Inmates themselves began sounding the alarm with riots, demonstrations, even cell phone video pleas for help.    Their families and activists have called for their release, along with resources, funding, and accountability to ensure their safety and prevent recidivism.

“…they literally leaving us in here to die,” said a man who alleged poor housing and sanitation conditions at FCI Elkton in Elkton, Ohio.    His cell phone video recording depicting images he claimed were of Covid-19-infected men and a tent where prison staff were allegedly dumping dead bodies went viral in social and mainstream media.  

Nkechi Taifa, conveyor of the National Justice Roundtable Coalition, which advocates for federal criminal justice policy reform, called his message courageous, frightening and heart-wrenching.  

He’s one of many demonstrating to call attention to the plight of inmates during the pandemic.

“If you are handcuffed, you can’t cover your mouth if you’re going to cough or sneeze … so they’re basically  sitting ducks  in a  ticking time bomb  situation, and it’s scary,” said Ms. Taifa, who insisted decarceration is the only solution.

Over 100 men demonstrated in the recreation yard at Washington State’s Monroe Correctional Complex on April 8, after six men in its minimum-security unit tested positive for the virus. They have been moved into an isolation unit.

Guards used pepper spray and sting balls, which release light, noise, and rubber pellets to restore calm after demonstrators ignored verbal warnings, claimed prison officials.    A  prison health care team is providing clinical monitoring and supportive care for those in isolation, according to a press release dated April 8.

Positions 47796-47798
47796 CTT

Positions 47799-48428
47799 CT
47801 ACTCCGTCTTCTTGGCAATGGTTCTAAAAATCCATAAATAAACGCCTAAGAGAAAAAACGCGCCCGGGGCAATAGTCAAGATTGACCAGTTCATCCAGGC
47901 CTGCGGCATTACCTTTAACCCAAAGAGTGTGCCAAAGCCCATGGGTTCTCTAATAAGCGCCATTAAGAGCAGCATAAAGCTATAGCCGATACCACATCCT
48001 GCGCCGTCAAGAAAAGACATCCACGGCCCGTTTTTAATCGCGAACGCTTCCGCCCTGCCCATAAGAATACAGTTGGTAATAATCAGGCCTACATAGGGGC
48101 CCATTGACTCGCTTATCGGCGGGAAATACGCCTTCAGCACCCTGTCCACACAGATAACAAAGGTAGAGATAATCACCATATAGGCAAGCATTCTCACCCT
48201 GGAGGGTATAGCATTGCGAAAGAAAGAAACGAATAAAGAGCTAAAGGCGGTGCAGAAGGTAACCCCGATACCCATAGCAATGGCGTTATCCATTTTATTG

On April 1, all federal institutions suspended social and legal visits for 30 days and increased telephone system use to 500 minutes per month.    Inmates, staff, volunteers, contractors, and attorneys approved on a case-by-case basis are screened–not tested–according to a Bureau of Prisons spokesperson.  

Screenings don’t mean inmates or staff were tested, said a spokesperson for the Federal Bureau of Prisons.    Screening for visitors, volunteers and contractors consists of answering form questions regarding travel to and from China, Iran, South Korea, Italy, or Japan in the last 14 days;   if the person came in contact with anyone diagnosed with Covid-19 in that time and do they have fever, chills, coughing or shortness of breath. Screening concludes with a temperature check.

A staff screening form checks for temperature and the method taken.    For temperatures taken by mouth that exceed 100.4 degrees, by ear over 101 degrees, or by forehead over 100 degrees, staff are to be denied access and placed on leave for three days.